Texas had almost a year to prepare after being ravaged by last February’s winter storm, but nothing has changed. “[Y]et again, instruments froze, output plunged and companies spewed a miasma of pollutants into the atmosphere in a bid to keep operations stable,” according to a report by the Bloomberg Green news service.
The much milder Saturday cold front still knocked out power across the state and caused almost one billion cubic feet of gas to be burned or wasted, according to the Texas Commission of Environmental Quality. Gas production, unsurprisingly, crashed over the weekend to the lowest level since last February.
The aforementioned wasteful burning of resources resulted in heavy pollutant emissions, primarily a combined 85 tons of sulfur dioxide and 11 tons of carbon monoxide. Further, natural gas is constituted mostly of methane, which is 80 times more potent than carbon dioxide as a greenhouse gas.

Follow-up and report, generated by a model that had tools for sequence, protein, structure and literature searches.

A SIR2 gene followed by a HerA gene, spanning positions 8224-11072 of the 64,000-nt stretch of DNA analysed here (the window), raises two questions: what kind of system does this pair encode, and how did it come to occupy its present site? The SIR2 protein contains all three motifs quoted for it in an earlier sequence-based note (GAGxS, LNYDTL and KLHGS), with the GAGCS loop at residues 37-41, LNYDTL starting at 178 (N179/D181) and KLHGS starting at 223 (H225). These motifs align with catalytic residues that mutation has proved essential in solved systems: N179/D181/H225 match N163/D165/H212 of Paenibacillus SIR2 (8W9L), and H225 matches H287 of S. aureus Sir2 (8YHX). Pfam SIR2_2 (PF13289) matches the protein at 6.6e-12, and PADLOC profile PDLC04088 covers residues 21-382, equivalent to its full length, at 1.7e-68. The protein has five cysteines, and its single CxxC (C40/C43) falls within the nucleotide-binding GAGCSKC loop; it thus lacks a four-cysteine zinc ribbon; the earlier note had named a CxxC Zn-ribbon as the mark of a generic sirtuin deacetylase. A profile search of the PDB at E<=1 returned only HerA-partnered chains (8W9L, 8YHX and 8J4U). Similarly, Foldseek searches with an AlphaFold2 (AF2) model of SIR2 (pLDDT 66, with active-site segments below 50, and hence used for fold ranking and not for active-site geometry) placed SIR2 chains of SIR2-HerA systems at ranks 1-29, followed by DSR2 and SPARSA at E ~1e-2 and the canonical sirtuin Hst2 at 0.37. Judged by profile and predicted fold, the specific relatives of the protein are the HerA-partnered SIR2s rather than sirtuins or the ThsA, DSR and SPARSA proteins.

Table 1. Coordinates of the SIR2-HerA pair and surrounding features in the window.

“We know this is pollution that can hurt people’s health and, overwhelmingly, this is avoidable,” said Luke Metzger, executive director of the nonprofit Environment Texas. “These facilities could be investing in better insulation and other kinds of things that would prevent equipment from freezing,” he said. “It’s easier to pay a fine.”
The state has made negligible attempts to prepare for future winter storms. Even though power generators and electricity transmisión stations have winterized since the last storm, gas supply companies haven’t.
The Texas Railroad Commission – a top regulator of the industry – plans to adopt some weatherization standards, which will not even go into effect until 2023. They also allow companies to opt-out of these requirements.
The state’s power infrastructure will likely remain vulnerable for another two years at this rate.
Pioneer Natural Resources Co., Occidental Petroleum Corp., Targa Resources Corp., and DCP Midstream, the primary contributors to environmental destruction over the weekend, have declined to comment.
The TCEQ, which enforces air regulations in the state, also declined to comment.